Readers who loved Cairo have been eagerly awaiting the next instalment of these Melbourne lives but this is a very different book. Those who come to Wormsley for the first time need have no fear: The Diplomat easily stands alone.
Edward's wife of several years, Gertrude, is dead, dying of an overdose alone in a London bed-sit while Edward is enduring court-ordered detox. Both tragic drug-addicts, Edward is to be deported from the United Kingdom to return to his home city, Melbourne. He is allowed to take Gertrude's ashes with him, although she was cremated before he was out of detox.
Unlike Cairo, The Diplomat has no real characters beyond Edward and the action is spread across a couple of days only. Ron, Gertrude's father, and Gloria, her much-loved sister, make brief appearances and vital interventions in Edward's return. Ron is heart-broken that he knew so little of Gertrude's descent into hell and, therefore could never help. Gloria reveals to Edward aspects of Gertrude's London life of which he had no knowledge.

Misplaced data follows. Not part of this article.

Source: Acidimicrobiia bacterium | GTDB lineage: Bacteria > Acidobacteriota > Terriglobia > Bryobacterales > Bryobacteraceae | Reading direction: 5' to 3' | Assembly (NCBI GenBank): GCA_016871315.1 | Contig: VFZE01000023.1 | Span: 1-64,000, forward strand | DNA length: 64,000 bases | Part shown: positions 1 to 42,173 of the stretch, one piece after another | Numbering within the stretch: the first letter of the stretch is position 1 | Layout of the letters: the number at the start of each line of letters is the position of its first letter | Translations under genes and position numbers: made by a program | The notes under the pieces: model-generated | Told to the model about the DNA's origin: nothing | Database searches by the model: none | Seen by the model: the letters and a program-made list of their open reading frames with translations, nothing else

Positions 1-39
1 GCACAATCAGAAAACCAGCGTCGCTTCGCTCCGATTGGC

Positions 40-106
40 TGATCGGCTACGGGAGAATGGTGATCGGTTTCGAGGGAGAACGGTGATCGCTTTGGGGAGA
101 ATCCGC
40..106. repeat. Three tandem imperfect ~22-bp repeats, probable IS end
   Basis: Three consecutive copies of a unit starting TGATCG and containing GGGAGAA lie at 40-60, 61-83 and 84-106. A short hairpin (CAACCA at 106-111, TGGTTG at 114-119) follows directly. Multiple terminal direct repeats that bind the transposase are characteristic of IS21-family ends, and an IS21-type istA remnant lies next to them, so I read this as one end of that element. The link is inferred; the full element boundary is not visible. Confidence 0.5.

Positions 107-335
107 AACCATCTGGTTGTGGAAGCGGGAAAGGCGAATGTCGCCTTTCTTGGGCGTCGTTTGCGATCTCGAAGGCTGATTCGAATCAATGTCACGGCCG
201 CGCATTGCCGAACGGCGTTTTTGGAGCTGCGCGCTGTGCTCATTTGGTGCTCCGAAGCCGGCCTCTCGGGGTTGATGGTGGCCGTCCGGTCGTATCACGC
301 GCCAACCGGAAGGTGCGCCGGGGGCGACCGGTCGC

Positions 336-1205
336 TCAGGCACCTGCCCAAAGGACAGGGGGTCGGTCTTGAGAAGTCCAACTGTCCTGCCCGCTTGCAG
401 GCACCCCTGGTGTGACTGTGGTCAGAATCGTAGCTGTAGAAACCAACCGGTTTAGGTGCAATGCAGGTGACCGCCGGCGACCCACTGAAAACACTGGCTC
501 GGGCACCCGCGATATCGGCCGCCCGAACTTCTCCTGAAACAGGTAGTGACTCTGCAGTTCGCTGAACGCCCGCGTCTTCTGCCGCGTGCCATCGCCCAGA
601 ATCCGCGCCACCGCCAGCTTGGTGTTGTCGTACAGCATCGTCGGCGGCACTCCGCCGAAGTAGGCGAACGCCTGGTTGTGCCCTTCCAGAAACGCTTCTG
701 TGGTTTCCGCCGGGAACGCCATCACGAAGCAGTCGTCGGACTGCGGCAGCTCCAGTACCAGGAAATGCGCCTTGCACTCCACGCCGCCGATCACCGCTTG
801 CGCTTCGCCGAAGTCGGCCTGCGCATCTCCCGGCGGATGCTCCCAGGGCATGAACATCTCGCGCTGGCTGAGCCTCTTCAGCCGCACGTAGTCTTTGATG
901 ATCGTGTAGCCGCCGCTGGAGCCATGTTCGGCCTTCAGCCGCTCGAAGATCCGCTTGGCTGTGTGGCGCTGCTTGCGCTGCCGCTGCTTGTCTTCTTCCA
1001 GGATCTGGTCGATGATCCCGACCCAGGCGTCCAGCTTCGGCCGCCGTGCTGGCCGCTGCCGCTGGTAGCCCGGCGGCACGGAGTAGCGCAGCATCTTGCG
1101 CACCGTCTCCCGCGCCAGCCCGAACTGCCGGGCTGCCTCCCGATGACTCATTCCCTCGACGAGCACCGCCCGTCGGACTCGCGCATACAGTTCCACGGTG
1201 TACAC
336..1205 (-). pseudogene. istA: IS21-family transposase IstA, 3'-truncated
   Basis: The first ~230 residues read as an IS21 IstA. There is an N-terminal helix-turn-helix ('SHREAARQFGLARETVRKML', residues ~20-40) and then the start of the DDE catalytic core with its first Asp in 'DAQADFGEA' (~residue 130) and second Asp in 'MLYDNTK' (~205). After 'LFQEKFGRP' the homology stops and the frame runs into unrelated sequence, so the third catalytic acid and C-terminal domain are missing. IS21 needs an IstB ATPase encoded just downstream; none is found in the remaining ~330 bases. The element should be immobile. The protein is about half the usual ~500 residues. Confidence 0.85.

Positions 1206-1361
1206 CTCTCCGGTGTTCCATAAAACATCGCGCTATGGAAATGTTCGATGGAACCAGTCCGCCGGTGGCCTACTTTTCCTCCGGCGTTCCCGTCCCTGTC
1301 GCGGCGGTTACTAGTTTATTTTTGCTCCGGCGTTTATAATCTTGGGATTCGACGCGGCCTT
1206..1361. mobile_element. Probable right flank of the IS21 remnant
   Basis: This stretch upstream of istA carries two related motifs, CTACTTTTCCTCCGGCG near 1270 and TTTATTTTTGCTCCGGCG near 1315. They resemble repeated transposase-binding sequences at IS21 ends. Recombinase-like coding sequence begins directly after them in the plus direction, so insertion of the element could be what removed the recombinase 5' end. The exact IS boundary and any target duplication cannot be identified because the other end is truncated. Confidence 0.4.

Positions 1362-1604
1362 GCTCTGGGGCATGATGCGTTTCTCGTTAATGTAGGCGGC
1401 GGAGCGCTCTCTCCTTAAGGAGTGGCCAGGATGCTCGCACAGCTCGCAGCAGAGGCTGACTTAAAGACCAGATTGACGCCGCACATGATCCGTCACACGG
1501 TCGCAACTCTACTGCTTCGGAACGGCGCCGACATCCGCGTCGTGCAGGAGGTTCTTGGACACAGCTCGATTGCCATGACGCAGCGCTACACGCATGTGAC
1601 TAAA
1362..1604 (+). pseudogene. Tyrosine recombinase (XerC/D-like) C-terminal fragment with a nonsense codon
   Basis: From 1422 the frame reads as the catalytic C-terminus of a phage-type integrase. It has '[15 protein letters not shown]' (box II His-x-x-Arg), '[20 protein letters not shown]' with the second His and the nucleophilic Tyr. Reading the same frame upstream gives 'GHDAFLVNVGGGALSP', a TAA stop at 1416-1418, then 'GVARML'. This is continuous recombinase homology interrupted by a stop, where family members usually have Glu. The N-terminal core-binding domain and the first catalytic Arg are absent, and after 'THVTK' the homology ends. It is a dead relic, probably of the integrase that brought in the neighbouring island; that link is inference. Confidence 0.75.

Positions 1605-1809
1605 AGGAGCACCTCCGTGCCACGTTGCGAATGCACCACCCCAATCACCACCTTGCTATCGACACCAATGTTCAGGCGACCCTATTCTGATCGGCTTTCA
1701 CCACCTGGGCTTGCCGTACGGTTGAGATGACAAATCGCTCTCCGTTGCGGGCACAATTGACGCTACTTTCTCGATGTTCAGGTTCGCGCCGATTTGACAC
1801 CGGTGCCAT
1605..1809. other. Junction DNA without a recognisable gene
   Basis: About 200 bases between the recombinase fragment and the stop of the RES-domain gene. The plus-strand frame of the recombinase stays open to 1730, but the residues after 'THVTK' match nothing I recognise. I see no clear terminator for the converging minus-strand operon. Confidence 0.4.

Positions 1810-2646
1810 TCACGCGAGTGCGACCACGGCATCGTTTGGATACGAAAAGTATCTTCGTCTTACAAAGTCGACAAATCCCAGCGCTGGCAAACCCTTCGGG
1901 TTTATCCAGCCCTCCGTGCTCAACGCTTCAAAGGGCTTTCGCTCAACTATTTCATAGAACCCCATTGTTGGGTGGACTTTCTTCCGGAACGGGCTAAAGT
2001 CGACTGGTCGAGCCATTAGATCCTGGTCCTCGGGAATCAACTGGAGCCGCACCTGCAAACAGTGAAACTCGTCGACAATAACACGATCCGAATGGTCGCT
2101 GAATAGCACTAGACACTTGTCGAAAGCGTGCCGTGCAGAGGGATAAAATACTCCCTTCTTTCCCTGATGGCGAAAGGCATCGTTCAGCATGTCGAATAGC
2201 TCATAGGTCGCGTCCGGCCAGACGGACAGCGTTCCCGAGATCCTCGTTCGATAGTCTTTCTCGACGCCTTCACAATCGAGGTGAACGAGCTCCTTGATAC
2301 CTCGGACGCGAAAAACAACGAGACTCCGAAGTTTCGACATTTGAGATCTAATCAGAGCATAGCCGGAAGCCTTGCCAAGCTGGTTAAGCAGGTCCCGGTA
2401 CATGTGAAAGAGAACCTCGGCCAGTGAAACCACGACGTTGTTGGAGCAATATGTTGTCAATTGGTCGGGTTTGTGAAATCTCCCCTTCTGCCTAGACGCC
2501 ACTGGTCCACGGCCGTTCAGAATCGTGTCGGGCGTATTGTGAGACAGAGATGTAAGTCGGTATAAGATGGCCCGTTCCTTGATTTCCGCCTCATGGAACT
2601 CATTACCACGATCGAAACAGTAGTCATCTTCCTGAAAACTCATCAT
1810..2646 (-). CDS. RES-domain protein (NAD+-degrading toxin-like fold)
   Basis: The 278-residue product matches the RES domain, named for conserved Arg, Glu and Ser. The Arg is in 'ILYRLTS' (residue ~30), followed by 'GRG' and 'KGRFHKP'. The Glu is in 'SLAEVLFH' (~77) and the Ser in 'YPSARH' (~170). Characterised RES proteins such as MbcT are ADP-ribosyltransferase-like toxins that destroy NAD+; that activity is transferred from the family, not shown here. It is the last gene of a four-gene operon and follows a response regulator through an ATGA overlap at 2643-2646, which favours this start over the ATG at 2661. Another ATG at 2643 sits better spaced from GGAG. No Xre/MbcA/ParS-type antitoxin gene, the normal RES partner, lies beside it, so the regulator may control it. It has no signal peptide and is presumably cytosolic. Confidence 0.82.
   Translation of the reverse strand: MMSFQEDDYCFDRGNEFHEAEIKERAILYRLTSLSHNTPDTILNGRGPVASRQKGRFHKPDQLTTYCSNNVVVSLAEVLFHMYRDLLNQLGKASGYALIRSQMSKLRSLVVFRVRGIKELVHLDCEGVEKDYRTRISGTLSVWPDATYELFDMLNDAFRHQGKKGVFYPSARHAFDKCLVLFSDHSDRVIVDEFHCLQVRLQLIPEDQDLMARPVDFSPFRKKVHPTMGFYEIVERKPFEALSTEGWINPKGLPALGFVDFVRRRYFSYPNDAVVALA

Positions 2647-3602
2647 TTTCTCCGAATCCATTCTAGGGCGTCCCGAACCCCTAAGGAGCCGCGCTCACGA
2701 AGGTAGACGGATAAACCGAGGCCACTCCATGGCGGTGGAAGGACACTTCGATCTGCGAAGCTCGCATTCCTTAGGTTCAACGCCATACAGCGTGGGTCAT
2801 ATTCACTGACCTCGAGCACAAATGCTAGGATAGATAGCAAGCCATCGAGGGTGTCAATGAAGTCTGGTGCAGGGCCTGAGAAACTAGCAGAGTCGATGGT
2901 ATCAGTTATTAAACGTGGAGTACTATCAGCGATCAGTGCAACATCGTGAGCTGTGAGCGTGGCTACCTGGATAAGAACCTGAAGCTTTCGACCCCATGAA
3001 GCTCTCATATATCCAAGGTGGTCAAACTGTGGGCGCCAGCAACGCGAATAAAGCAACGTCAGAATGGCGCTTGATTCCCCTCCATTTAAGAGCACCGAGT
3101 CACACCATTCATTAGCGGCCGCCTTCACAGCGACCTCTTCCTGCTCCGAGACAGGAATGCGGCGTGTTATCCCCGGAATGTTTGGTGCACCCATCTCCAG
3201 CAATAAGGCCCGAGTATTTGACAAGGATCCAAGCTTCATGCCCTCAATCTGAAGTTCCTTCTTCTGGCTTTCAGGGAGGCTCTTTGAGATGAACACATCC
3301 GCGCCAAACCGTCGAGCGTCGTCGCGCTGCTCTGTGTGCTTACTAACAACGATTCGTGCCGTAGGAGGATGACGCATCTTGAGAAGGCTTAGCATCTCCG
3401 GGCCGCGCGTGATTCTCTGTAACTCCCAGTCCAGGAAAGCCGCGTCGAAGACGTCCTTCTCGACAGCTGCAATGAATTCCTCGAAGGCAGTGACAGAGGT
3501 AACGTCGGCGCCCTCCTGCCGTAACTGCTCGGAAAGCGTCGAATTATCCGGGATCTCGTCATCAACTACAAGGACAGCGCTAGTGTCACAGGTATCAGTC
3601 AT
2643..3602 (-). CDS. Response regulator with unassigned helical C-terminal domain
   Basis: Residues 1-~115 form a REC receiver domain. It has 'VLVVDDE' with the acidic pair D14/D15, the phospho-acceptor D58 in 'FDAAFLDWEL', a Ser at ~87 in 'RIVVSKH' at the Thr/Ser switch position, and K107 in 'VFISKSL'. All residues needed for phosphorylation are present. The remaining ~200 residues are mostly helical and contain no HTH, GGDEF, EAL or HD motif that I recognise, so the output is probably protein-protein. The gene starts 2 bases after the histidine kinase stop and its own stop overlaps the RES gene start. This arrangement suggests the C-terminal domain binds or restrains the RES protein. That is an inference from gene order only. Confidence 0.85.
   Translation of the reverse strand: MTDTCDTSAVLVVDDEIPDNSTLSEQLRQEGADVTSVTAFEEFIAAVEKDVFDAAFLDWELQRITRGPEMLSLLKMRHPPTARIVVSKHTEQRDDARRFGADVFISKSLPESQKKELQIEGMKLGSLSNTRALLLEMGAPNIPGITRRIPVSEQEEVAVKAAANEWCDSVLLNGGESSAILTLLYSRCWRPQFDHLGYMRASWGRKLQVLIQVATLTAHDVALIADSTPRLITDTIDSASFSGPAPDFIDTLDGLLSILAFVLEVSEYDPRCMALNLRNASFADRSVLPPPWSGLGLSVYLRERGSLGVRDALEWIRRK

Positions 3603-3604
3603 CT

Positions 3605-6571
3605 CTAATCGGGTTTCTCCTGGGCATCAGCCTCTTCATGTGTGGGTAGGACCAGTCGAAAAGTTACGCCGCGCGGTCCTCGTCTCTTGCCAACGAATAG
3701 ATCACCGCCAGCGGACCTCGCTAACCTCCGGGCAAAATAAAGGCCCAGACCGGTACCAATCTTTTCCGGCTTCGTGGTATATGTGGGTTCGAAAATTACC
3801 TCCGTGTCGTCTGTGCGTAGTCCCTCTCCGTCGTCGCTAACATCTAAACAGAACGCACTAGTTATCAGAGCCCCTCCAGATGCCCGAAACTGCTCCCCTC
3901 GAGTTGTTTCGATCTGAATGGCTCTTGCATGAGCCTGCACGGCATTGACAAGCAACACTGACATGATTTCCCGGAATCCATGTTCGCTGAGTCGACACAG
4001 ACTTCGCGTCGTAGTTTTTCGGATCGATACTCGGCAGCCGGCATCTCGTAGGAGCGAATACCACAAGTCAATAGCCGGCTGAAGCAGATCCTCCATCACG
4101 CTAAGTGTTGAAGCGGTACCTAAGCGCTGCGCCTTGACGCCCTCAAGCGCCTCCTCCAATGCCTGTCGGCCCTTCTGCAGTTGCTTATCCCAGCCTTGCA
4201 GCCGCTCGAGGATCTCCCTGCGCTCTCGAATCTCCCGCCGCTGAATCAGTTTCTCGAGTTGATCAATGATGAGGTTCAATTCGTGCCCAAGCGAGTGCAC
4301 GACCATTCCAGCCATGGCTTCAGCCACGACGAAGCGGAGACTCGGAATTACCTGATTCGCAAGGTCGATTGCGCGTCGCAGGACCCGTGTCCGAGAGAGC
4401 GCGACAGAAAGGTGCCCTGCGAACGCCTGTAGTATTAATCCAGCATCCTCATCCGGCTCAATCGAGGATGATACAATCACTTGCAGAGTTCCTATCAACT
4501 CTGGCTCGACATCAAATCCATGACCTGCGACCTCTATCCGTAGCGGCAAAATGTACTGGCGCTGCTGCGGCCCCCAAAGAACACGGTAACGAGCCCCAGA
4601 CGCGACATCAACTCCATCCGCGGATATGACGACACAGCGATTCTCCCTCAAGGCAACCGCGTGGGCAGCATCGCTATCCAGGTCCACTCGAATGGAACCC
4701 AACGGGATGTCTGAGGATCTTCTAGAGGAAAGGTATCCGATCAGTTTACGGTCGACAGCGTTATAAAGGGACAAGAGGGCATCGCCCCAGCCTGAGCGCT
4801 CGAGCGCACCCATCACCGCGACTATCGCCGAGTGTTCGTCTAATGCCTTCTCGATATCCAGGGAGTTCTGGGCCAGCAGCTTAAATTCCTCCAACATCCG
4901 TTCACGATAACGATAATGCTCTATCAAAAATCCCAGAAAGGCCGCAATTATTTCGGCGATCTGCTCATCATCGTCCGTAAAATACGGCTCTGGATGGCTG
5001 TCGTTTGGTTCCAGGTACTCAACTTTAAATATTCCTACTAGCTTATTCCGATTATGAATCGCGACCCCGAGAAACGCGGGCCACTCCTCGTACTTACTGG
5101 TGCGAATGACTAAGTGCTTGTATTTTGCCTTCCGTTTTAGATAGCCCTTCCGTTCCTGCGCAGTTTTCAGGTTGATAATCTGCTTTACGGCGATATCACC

Edward has a harrowing visit to his own father's Richmond flat to discover his father's world has tragically shrunken. His brother, Neil, still at home, lives only for cricket. Their world is so bleak that there is no escape for Edward there.
While in the depth of their addiction, Gertrude and Edward had dreamed of starting a better life. They would find their way to Gippsland's beautiful Waratah Bay and live a clean and wholesome life. Edward tells the reader most drug addicts develop such fantasies.
He brings high-grade heroin with him back from London, intending to sell it for a high price in heroin drought-stricken Melbourne to fund his fantasy. The deal will go down at The Diplomat, a seedy St Kilda motel. Edward sweats on the outcome.
Womersley creates a Melbourne-noir which is as fascinating as it is repulsive. Brunswick Street, Fitzroy, and Fitzroy Street, St Kilda are Edward's beats, and they are realised with remarkable realism. The reader can almost feel and smell the seediness.
The betrayal of talent underscores this book. Gertrude had had real artistic ability, Edward less so, but there was, once, hope. Youthful ambition succumbs to its destruction by heroin. The ability of Edward and Gertrude to deceive themselves and to accept their monumental failure to achieve what they might have is the first great failure that underscores and ruins every other aspect of their lives.
This is a bleak book, a book without hope. For readers remote from this world of half-living it seems true. Beautifully written, intensely focused, The Diplomat packs a punch that few readers will forget readily.
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